Landmark bar to go on the market

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LOCAL NEWS / A year after Barn owner's death, family decides to sell James Dubro / Toronto Xtra / Thursday, October 13, 2005

The family of the late Barn owner Janko Naglic has formally agreed to have the business and property listed for sale, raising questions about whether the place will ever reopen as a gay bar.

Estate executors Tom Ricketts and Stephen Brailsford returned from a trip to Slovenia last month where they met with Naglic's brother, sister and niece, Landmark bar to go on the market

A year after Barn owner's death, family decides to sell

the major beneficiaries of the estate, to talk about the future of the property and business at 418 Church St.

Naglic was found dead in his Balliol St home on Oct 27, 2004, triggering a 10-month investigation that resulted in an arrest in August.

Ivan Mendez-Romero, 36, of Toronto has been charged with first-degree murder.

Ricketts says the property will be listed for sale within the next few weeks, after the executors and those directly concerned agree on the details of the listing and which of several commercial real-estate brokers will handle the sale.

After Naglic's death, executors operated the Barn for several months, until a chimney fire in January closed the place. After renovations, it was opened again in May, but then closed amidst concerns about structural problems. Its doors have been locked since June.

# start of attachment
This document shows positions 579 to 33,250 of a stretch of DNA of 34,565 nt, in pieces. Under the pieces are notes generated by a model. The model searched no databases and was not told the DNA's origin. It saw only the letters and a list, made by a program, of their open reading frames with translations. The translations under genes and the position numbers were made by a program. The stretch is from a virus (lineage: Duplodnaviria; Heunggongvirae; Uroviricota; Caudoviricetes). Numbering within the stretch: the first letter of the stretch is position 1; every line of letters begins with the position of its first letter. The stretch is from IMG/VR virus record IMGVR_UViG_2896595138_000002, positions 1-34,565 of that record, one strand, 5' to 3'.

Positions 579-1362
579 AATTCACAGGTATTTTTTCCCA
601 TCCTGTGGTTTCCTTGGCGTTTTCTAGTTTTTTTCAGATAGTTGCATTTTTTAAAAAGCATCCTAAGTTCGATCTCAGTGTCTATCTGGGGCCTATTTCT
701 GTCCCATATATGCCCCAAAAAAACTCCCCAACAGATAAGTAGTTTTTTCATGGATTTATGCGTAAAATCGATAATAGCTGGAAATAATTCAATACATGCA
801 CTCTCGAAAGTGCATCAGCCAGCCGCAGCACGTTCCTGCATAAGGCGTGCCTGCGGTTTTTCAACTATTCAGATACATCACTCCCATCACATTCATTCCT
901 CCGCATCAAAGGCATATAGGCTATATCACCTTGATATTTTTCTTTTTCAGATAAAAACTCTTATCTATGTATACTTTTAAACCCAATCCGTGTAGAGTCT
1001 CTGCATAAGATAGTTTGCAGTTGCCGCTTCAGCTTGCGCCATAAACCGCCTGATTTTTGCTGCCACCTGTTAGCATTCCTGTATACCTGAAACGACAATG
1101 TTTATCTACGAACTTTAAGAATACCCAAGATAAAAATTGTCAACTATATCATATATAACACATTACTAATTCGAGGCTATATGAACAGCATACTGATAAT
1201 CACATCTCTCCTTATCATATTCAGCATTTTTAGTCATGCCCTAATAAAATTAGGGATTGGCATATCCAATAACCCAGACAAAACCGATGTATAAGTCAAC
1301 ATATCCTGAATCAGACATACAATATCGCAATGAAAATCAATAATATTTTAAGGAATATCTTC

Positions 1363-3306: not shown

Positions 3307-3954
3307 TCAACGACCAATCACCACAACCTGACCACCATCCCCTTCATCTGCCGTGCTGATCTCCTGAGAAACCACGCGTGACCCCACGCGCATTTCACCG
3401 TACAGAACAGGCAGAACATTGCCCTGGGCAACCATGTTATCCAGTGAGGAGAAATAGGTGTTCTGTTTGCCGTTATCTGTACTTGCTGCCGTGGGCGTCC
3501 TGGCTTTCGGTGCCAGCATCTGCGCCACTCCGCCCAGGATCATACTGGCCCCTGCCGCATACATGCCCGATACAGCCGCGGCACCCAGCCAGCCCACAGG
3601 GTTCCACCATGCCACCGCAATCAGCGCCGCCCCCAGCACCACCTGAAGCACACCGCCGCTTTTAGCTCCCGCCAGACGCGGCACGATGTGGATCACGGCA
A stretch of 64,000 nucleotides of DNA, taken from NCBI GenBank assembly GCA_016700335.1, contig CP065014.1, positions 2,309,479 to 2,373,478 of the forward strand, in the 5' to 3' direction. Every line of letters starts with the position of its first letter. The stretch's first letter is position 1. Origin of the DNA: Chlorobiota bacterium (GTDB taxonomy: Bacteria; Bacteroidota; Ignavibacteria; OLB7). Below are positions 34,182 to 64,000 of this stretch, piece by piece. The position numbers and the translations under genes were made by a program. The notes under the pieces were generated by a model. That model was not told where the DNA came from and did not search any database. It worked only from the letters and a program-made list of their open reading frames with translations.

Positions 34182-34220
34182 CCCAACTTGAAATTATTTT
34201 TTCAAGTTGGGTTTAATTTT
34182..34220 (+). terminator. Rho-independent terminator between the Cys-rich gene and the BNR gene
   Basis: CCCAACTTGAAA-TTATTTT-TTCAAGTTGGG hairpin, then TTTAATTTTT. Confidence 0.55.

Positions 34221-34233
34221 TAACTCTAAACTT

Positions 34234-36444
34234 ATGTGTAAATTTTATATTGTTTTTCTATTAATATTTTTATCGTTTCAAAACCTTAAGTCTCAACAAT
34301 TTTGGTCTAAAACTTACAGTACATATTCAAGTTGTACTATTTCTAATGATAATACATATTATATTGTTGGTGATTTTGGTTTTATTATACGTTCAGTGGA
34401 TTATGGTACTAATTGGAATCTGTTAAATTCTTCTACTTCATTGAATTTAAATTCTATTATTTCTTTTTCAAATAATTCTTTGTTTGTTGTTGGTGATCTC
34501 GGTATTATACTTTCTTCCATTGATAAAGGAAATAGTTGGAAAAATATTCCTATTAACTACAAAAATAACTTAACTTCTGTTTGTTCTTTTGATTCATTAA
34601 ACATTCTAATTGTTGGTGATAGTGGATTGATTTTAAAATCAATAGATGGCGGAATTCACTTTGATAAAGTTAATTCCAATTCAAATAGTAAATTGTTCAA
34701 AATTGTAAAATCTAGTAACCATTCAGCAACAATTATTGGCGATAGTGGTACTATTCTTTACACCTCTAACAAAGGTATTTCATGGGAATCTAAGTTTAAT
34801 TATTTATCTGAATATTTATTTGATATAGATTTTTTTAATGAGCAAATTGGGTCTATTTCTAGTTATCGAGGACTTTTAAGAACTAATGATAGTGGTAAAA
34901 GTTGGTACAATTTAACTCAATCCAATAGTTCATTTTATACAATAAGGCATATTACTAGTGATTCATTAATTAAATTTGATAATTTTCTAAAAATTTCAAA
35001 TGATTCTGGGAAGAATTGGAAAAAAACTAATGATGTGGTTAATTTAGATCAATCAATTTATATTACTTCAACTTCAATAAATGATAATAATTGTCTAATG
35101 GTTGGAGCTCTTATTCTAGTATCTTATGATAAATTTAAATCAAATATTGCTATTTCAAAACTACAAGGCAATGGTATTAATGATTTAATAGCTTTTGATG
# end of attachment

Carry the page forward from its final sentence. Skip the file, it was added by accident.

Real estate records show that in 1988 Naglic paid $1.4 million for the property upon which the Barn sits. Ricketts declined to confirm the appraised value of the property and business.

"Since Naglic bought the property in 1988 commercial real-estate prices have remained pretty flat," Ricketts says, but "recently they have been on the ascent."

Several unsolicited offers have already come in for the Barn over the past few months, including a proposal from a well-known gay couple and friends of Naglic's, Larry Rogers and Ron Pugh. Owners of rental apartments, they also owned a condo near him in Miami and were frequent guests at Naglic's homes in Toronto and Miami. Pugh says that if their proposal is accepted, they would keep it as a gay bar.

"Janko would have wanted us to," says Pugh, "There are only a handful of gay dance bars left."

Ricketts confirms the interest of Rogers and Pugh but says the couple has yet to make a formal offer.

Ricketts and Joseph Zemljak, a friend of Naglic who also went to Slovenia, both say any new owners would have to put in some money for major renovations as the building will now need "considerable work" to bring it up to city building code. Ricketts says the executors' preference is that the Barn remain a gay bar, though he concedes they have to take the best offer on behalf of the estate.

In 1975 Naglic took over the property at 418 Church St and turned it into a gay bar, founding it as Jo-Jo's, then renaming it the Barn. The Barn was Naglic's self- proclaimed life's passion, a business he developed from nothing. The bar had grown to a three-storied complex with two dancefloors and several bars.

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